Off the coast of Oregon, a large dead zone—an area of water where the oxygen concentration is so low that little to no marine life can survive—has been appearing each summer since 2002.
A report issued September 3rd, by key environmental and scientific federal agencies, assesses the increasing prevalence of low-oxygen “dead zones” in U.S. coastal waters and outlines a series of research and policy steps that could help reverse the decades-long trend.
The interagency report notes that incidents of hypoxia, a condition in which oxygen levels drop so low that fish and other animals are stressed or killed, have increased nearly 30-fold since 1960. Incidents of hypoxia were documented in nearly 50 percent of the 647 waterways assessed for the new report, including the Gulf of Mexico, home to one of the largest such zones in the world.
The impact of the BP Deepwater Horizon oil spill on oxygen levels in the Gulf of Mexico was not considered in this report because the spill had not yet occurred at the time the report was completed. Only additional research will reveal how the presence of oil in the gulf is affecting the large dead zone that forms every summer to the west of the Mississippi delta (see fact sheet), the more than 100 other independent sites along the Gulf of Mexico coast that experience low-oxygen problems, and areas of naturally-occurring deepwater oxygen depletion…
Read Full Article, United States Environmental Protection Agency, EPA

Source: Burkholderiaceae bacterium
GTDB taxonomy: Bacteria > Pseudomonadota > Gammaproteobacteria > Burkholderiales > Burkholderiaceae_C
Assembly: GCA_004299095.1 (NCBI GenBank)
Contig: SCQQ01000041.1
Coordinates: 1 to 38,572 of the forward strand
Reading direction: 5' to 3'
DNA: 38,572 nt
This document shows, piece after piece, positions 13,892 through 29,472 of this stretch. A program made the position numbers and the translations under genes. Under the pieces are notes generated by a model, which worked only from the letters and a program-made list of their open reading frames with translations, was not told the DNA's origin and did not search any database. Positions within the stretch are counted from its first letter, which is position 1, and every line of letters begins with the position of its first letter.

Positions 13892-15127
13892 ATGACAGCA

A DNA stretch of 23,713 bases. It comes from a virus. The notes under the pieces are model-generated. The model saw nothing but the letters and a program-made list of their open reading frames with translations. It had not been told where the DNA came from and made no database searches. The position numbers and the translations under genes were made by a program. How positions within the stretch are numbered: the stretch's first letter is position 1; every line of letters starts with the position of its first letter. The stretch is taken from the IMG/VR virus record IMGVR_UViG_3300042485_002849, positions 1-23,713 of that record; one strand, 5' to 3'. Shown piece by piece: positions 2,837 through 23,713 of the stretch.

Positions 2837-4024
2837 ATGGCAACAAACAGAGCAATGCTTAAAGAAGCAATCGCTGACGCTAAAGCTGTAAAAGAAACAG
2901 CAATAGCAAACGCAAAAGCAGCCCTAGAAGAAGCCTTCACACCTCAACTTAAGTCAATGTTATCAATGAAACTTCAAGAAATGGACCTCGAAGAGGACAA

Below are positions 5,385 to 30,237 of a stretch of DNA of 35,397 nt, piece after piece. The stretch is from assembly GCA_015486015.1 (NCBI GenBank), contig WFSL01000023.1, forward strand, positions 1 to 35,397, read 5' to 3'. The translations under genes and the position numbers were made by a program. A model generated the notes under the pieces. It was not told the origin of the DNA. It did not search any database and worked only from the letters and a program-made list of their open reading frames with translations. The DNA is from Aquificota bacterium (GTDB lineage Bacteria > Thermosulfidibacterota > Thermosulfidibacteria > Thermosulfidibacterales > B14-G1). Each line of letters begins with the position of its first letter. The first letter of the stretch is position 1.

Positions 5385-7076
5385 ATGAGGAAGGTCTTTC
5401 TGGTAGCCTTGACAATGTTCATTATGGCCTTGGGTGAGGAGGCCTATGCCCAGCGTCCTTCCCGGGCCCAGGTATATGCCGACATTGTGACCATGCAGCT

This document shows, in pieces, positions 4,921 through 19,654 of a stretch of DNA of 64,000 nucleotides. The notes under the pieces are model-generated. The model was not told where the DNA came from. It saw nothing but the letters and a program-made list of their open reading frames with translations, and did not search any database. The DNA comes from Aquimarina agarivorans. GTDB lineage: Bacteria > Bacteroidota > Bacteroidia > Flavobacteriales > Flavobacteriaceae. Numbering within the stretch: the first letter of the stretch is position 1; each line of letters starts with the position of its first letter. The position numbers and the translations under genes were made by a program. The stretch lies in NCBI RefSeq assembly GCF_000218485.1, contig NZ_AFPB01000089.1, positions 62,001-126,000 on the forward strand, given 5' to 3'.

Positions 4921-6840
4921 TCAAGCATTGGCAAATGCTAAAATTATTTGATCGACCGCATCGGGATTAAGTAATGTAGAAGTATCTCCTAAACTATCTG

Dead Zones or Hypoxic areas Worldwide, NASA
The cause of anoxic bottom waters is fairly simple: the organic matter produced by phytoplankton at the surface of the ocean (in the euphotic zone) sinks to the bottom (the benthic zone), where it is subject to breakdown by the action of bacteria, a process known as bacterial respiration. The problem is, while phytoplankton use carbon dioxide and produce oxygen during photosynthesis, bacteria use oxygen and give off carbon dioxide during respiration. The oxygen used by bacteria is the oxygen dissolved in the water, and that’s the same oxygen that all of the other oxygen-respiring animals on the bottom (crabs, clams, shrimp, and a host of mud-loving creatures) and swimming in the water (zooplankton, fish) require for life to continue.
The dead zones are areas in the ocean where it appears that phytoplankton productivity has been enhanced, or natural water flow has been restricted, leading to increasing bottom water anoxia.